DES MOINES, IA - OCTOBER 08: Stickers are made available to voters who cast a ballot in the midterm elections at the Polk County Election Office on October 8, 2018 in Des Moines, Iowa. Today was the first day of early voting in the state. (Photo by Scott Olson/Getty Images)

A few weeks ago I attended a briefing with former Attorney General, Eric Holder, about the 2018 midterms, and without a shred of hyperbole in his voice, he told those of us in attendance that these upcoming elections may be some of the most important of our lifetime.

The urgency in Holder’s voice that afternoon can be both heard and seen all over the country, on the internet, at social gatherings and even around the dinner table. Everywhere you look people are stressed out about politics.

It has been decades since Americans were this vocally divided. And while neither side seems to see eye-to-eye on much, there is one sentiment that has been persistent across the board:

“If you don’t vote – you’re canceled.”

For those who are unaware, “cancel culture,” is the name given to the growing practice of calling out, mocking (and in extreme cases “canceling” and/or boycotting) a person, institution, or brand – in response to what you believe is problematic behavior.

READ MORE: Confederate flag-wearing trick-or-treaters in Blackface confronted by the brave teen

Brands who support oppressive practices get canceled. Celebrities who say dumb things they probably should’ve run past their team first, get canceled. Black men who are even suspected of dating white women may get canceled. And if one of your posts from the less woke olden days (i.e pre-2014) are tracked down, and reveal you used to be a bit of an idiot… then you too may run the risk of getting canceled.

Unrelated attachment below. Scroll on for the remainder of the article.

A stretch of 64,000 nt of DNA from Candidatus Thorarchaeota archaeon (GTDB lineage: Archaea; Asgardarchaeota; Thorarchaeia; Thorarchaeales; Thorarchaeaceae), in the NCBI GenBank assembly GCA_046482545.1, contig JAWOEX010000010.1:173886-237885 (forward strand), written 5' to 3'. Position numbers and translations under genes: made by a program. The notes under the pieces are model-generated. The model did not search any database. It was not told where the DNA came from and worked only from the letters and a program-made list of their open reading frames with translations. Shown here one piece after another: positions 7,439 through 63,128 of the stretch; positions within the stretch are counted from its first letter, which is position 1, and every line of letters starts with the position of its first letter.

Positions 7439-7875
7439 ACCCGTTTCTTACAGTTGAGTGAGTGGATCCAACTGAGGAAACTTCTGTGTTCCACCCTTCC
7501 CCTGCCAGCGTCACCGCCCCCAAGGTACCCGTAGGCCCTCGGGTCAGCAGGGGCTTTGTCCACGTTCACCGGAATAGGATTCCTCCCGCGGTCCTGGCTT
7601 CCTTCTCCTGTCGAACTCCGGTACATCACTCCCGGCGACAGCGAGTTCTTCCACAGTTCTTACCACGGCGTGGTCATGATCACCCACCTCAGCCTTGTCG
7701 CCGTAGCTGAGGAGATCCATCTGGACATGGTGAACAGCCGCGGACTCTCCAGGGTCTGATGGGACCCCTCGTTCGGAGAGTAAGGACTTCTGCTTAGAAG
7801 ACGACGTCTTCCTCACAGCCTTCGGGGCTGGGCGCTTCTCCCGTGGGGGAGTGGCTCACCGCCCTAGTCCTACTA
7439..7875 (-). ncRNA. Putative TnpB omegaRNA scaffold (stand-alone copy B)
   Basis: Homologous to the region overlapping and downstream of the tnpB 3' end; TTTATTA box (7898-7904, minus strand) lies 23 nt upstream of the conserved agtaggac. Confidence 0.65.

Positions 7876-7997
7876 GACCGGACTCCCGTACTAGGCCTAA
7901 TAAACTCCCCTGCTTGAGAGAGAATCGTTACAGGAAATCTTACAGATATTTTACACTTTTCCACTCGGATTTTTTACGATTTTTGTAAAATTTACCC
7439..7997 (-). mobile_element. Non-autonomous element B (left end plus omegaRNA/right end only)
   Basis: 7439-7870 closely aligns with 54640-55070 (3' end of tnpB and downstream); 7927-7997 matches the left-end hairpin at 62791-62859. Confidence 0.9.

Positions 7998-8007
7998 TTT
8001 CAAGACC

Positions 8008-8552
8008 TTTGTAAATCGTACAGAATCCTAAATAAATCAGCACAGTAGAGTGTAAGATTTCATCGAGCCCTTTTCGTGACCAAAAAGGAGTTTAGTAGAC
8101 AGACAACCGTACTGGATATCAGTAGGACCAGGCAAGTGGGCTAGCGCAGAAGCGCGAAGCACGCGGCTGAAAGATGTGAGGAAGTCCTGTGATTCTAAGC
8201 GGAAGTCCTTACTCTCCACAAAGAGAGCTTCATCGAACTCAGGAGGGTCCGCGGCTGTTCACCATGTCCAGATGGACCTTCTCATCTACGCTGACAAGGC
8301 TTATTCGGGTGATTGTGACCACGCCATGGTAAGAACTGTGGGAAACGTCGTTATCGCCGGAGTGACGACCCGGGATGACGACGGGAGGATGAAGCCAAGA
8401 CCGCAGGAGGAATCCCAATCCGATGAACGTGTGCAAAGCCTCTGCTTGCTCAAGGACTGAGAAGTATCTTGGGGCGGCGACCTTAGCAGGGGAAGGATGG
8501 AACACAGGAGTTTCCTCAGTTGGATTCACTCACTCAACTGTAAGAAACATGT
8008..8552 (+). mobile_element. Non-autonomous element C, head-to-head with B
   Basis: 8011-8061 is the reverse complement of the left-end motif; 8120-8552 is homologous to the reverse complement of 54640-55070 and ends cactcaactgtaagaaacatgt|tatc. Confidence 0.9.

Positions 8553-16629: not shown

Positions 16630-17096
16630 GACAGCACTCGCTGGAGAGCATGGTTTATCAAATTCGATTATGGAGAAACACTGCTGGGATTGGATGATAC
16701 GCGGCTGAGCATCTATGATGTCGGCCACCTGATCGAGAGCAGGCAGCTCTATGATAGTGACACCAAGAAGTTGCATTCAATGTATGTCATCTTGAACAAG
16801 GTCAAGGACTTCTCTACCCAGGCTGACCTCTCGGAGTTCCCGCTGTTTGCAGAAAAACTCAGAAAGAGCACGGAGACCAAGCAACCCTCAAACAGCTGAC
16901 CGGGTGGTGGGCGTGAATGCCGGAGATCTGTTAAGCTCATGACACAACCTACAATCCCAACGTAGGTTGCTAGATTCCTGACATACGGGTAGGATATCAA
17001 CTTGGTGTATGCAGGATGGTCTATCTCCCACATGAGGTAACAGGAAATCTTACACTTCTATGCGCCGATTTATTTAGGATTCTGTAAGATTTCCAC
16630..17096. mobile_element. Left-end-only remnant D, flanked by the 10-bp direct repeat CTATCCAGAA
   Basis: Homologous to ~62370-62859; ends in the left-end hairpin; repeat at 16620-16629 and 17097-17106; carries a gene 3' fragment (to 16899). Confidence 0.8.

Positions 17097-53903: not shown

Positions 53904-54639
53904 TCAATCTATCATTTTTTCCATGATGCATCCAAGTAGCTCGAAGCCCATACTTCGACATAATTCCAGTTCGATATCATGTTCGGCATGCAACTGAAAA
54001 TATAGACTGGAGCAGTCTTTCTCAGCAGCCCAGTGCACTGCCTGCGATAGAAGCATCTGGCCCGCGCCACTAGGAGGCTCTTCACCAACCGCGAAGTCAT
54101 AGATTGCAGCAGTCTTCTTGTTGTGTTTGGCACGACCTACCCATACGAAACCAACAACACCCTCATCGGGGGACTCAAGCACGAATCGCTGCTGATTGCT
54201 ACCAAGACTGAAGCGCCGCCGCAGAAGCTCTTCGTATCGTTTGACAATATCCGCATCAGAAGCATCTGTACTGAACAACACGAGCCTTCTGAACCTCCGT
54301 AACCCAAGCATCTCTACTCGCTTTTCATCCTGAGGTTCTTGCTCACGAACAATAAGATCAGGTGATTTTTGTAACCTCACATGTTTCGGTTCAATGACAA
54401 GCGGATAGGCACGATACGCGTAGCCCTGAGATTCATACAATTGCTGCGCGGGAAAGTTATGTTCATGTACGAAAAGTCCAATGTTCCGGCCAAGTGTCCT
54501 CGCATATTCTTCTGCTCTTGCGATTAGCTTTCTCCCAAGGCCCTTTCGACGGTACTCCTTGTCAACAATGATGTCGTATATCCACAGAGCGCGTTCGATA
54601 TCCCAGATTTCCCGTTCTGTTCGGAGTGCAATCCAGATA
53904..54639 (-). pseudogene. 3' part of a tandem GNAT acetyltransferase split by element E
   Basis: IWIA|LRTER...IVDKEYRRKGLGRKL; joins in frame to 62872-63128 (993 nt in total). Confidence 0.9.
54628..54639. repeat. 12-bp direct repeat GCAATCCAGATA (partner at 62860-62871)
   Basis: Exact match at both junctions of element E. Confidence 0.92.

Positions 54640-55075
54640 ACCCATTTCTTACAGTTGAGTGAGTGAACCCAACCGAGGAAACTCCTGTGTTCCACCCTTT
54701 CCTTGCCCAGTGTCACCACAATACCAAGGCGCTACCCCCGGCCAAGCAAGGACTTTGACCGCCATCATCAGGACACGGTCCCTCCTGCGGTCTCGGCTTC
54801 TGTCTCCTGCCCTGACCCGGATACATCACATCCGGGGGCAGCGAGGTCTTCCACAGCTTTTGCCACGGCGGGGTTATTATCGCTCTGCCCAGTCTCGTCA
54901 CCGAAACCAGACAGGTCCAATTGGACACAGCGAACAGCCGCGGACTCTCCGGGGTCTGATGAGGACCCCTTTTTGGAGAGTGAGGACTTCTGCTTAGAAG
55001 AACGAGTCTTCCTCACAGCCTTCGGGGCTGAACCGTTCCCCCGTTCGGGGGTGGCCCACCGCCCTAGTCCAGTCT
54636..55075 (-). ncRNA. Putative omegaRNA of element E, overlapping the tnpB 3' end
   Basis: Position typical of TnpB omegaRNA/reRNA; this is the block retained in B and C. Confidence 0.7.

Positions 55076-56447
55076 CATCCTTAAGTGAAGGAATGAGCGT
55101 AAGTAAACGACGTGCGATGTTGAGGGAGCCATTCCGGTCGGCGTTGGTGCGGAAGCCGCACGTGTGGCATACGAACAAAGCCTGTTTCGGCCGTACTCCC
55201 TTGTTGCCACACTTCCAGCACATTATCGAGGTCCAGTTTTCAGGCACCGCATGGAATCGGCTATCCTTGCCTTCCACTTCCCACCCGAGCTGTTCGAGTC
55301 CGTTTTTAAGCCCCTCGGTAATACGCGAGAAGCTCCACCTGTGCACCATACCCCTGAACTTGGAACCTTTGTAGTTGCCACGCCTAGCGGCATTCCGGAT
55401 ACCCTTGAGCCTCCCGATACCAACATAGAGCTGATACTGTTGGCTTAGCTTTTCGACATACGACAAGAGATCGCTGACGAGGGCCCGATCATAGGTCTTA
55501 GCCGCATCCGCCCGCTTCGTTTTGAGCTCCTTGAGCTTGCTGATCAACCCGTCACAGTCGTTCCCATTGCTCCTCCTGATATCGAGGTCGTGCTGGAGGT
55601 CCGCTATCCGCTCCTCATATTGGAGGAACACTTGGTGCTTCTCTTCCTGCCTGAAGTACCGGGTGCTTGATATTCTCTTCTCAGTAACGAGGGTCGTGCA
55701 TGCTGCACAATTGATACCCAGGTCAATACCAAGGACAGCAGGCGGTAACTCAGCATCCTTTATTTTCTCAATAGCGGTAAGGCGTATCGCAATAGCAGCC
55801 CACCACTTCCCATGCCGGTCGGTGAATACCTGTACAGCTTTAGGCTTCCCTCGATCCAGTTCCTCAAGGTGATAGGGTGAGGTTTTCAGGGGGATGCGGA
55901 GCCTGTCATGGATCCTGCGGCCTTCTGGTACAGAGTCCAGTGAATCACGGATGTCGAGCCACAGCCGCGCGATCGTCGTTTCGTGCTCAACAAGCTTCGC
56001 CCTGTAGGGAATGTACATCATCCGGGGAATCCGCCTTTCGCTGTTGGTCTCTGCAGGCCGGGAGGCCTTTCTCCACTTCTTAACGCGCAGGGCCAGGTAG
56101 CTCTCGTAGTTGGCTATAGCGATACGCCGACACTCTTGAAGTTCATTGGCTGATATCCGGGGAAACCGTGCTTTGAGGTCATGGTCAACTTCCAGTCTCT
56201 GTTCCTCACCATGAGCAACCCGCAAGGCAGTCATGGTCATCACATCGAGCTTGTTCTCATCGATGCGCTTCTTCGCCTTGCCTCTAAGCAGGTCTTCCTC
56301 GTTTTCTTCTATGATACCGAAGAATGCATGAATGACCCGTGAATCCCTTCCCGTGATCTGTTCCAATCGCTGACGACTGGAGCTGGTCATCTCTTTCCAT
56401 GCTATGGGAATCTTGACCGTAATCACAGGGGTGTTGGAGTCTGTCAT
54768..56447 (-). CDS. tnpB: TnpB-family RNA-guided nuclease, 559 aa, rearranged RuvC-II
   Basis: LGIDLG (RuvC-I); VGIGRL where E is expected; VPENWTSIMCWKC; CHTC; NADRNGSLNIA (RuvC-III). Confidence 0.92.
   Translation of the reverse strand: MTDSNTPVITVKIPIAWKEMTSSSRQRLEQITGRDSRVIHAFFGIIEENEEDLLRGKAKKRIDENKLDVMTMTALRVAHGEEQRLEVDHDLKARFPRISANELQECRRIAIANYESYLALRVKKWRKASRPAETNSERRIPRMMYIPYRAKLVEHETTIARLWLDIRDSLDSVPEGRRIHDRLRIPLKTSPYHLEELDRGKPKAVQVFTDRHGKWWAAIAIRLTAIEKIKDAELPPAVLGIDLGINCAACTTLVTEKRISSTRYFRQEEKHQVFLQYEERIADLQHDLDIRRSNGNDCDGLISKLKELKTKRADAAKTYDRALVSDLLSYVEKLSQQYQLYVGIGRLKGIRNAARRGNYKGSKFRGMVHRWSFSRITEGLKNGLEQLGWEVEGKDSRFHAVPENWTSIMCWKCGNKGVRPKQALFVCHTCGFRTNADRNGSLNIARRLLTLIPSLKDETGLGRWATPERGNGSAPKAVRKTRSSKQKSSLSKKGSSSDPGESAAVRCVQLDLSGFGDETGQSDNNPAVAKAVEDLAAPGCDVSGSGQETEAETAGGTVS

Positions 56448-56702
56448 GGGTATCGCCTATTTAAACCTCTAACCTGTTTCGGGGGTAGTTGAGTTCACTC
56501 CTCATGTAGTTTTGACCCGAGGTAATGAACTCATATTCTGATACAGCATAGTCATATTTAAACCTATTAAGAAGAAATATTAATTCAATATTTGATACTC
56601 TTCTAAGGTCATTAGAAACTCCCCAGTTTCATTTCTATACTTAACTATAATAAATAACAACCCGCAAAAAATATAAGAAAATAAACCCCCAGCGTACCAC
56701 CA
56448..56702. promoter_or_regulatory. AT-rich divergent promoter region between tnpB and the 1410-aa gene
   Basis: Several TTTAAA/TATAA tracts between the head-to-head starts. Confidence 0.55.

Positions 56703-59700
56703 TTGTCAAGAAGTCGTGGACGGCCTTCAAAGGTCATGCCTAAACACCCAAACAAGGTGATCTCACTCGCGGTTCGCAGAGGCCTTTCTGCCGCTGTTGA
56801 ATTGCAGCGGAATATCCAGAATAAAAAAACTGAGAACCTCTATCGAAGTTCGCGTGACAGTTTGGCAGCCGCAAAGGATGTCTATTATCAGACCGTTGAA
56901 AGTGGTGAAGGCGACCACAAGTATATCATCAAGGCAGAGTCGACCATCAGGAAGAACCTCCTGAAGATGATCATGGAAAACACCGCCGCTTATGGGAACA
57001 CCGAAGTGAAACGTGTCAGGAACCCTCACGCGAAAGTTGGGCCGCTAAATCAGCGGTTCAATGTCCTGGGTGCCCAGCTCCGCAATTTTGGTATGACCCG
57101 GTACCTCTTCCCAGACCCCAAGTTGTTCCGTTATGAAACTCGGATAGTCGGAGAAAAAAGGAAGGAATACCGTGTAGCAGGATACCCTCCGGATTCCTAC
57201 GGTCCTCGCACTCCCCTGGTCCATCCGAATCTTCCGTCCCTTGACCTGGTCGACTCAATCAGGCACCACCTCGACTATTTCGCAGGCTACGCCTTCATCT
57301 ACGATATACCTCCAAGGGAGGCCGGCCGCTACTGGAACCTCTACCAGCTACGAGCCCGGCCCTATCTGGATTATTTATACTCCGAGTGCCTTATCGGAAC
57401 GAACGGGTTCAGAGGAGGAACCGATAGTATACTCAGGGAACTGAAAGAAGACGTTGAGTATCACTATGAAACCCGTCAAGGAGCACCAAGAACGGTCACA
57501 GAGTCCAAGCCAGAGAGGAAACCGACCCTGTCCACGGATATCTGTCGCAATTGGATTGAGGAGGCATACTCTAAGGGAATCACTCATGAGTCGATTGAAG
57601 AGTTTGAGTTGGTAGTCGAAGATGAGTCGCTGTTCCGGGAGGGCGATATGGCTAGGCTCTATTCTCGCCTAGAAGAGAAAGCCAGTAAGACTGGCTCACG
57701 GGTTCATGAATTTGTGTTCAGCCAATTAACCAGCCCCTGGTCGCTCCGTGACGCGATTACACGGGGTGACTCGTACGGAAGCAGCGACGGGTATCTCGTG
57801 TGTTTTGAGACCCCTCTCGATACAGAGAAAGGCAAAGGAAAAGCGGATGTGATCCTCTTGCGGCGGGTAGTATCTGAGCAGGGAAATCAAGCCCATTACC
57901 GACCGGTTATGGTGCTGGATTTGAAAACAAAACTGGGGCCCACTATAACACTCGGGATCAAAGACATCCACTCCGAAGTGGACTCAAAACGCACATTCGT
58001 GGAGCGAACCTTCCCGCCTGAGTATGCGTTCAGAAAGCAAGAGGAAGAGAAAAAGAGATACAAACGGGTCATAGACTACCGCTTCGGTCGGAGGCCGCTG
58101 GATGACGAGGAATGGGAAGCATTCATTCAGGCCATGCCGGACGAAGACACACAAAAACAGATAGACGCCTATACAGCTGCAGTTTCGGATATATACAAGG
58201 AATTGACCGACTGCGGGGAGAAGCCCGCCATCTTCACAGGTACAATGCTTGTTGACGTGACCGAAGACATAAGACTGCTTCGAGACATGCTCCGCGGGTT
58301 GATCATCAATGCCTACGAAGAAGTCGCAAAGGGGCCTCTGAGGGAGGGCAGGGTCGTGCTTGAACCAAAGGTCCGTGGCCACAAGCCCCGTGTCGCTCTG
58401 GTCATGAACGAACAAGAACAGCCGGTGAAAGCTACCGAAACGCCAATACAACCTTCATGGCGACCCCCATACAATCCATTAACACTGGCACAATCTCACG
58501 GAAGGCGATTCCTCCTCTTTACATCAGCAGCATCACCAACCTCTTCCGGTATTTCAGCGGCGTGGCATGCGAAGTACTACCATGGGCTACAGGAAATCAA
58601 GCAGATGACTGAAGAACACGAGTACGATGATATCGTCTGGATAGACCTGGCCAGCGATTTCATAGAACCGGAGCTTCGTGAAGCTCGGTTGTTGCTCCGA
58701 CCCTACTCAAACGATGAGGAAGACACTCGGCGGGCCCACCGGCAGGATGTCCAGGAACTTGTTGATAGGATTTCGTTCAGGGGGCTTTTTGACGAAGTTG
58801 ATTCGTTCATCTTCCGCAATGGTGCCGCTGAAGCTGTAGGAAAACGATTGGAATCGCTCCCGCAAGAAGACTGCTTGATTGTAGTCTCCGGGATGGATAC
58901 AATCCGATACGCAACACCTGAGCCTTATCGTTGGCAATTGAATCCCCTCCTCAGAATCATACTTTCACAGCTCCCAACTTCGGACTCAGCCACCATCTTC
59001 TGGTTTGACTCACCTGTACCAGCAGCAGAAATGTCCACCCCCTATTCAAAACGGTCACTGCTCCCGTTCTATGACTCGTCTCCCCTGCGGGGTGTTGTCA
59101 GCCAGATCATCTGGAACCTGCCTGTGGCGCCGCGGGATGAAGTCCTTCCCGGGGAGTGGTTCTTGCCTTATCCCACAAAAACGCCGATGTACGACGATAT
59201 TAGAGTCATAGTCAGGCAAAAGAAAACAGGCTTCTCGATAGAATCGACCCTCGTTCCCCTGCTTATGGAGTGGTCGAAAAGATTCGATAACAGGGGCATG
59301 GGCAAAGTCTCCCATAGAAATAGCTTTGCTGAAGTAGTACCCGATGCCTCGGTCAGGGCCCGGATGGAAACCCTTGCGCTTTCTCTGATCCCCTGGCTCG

Sometimes these social draggings are for noble causes and incite amazing change. Other times, they just ruin the lives of people who are ill-equipped for the wrath of the internet.

But if you are considering NOT voting today, and are confused as to why that stance may jeopardize your social standing, below is a quick list of 5 reasons why sitting on the sideline during the 2018 midterms may get you excommunicated.

Political Tribalism

Now more than ever political tribalism is at an all-time high thanks to the divisive antics and misleading propaganda being spread by president Donald Trump. As a result, many people see the opposing side as one-dimensional archetypes rather than as complex beings and require you to “pick a side” before trusting your intentions.

In this crudely oversimplified worldview, all liberals are seen as “snowflakes”, who want to let immigrants take over our country and this scares the delicate sensibilities of white America. Alternately, all conservatives – are viewed as Trump supporters who are too busy collecting MAGA hats to fact check their king.

READ MORE: Black woman posed as Trump supporter says she conned Republicans

If you tell a Democrat or a Republican that you’re an Independent or a member of the Green Party they may squint at you suspiciously as they try to figure you out. But if you admit that you’re sitting out the elections all together…. for many, that’s just plain unacceptable.

And whether they say it to your face or not, it may get you canceled.

You didn’t have your community’s back

Trump and those associated with his camp have gone out of their way to undo much of the social justice work that was championed during the Obama administration. As a result, during this year’s midterms, there are a lot of marginalized communities whose long-awaited and newly acquired rights are in jeopardy.

That list includes women, the LGBTQ community, the African-American community, Muslims, Jewish people, and immigrants just to name a few.